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Car identity the issue in Conception Bay North street racing trial

Steven Ryan Mercer was back in Newfoundland Supreme Court in St. John's Thursday for closing arguments in his trial.
Steven Ryan Mercer was back in Newfoundland Supreme Court in St. John's Thursday for closing arguments in his trial. - Rosie Mullaley

Judge to render verdict Oct. 29 in case of man accused of causing Hannah Thorne's death

There's no doubting witnesses travelling on Route 73 along the New Harbour Barrens saw what looked like a small, dark-coloured Chevy Cobolt speeding past them on the evening of July 7, 2016.

But whether there's enough evidence to prove it was the same small, dark-coloured Chevy Cobolt Steven Ryan Mercer was driving in the same area at around the same time is what Justice William Goodridge must determine.

He must also decide whether there's enough evidence to conclude Mercer was racing with a Ford F-150 pickup truck that smashed into a Hyundai Accent – a collision that instantly killed 18-year-old Hannah Thorne and seriously injured the Accent's driver, her grandmother, Gertie Thorne.

Mercer has pleaded not guilty to charges of criminal negligence causing death, criminal negligence causing bodily harm, street racing causing death, street racing causing bodily harm and breaching court orders.

In closing arguments at Newfoundland Supreme Court in St. John's Thursday, Crown prosecutor Richard Deveau said while the evidence is circumstantial, given the evidence of the witnesses "there is no other rational inference that can be made. There's no other plausible explanation."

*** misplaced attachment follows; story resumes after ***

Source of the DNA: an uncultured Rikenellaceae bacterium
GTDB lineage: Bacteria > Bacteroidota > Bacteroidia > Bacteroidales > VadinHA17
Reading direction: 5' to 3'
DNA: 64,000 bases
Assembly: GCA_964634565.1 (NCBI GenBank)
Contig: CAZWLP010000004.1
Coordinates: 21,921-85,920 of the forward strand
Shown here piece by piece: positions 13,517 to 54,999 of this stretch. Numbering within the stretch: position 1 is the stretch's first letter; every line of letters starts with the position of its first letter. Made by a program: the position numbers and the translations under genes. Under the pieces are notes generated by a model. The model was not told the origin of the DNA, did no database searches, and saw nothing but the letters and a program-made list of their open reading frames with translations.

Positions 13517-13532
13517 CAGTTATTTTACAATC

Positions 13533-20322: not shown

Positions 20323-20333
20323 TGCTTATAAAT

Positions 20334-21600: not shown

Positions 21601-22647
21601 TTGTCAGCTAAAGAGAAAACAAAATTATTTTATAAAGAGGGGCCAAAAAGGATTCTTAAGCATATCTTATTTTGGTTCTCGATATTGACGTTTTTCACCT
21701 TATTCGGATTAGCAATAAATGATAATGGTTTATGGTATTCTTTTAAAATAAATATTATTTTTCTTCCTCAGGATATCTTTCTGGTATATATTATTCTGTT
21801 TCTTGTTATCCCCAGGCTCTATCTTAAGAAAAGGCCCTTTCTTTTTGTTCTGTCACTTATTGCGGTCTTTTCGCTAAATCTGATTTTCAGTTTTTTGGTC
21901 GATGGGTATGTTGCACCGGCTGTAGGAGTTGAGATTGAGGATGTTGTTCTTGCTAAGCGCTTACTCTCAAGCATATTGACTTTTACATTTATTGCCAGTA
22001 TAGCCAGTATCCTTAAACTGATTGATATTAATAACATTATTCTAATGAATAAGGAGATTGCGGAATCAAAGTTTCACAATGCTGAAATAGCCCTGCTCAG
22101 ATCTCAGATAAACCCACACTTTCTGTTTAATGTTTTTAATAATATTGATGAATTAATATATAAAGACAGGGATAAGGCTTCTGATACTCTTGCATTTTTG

Mercer admitted to police he was driving his girlfriend's Cobolt along that highway, but said he had just passed the site of the collision when it happened. He said he saw it in his rearview mirror.

Deveau said the possibility of two Cobolts in the same area driving at that rate of speed at around the same time is, "not a reasonable theory. Nor is it plausible. … It's nonsensical and defies common sense."

But Mercer's lawyer, Randy Piercey, pointed out that none of the witnesses could say for certain after the crash that the dark-coloured car they saw zooming past them was actually a Cobolt. The only witness who said it was a Cobolt came to that conclusion only after seeing one at a car lot shortly after the incident.

The other witnesses, Piercey said, all had slightly different descriptions. One, for example, said the car had black taillights, when Mercer's had red. Others said it was a dark-coloured car, some said blue or purple and conceded they didn't know the make of the car. There were also differing recollections about whether it was a two-door or four-door vehicle.

"This should not be sufficient (enough evidence) for the court (to convict Mercer)," Piercey said.

Piercey said there is a possibility Mercer's Cobolt was on the same highway, but that the witnesses didn't notice his vehicle.

"Drive home today and we don't notice what cars pass us," he said. "We don't pay attention to that."

He also questioned why Brian King, the driver of the F-150, wasn't called to testify.

"That's a huge hole in the Crown's case," Piercey said.

King eventually pleaded guilty to charges of street racing causing death, dangerous operation of a motor vehicle causing bodily harm and negligent driving, and received a four-year jail sentence, minus credit for the time he had spent in jail since his arrest.

Goodridge is scheduled to render the verdict in Mercer's case Oct. 29.

Twitter: TelyRosie

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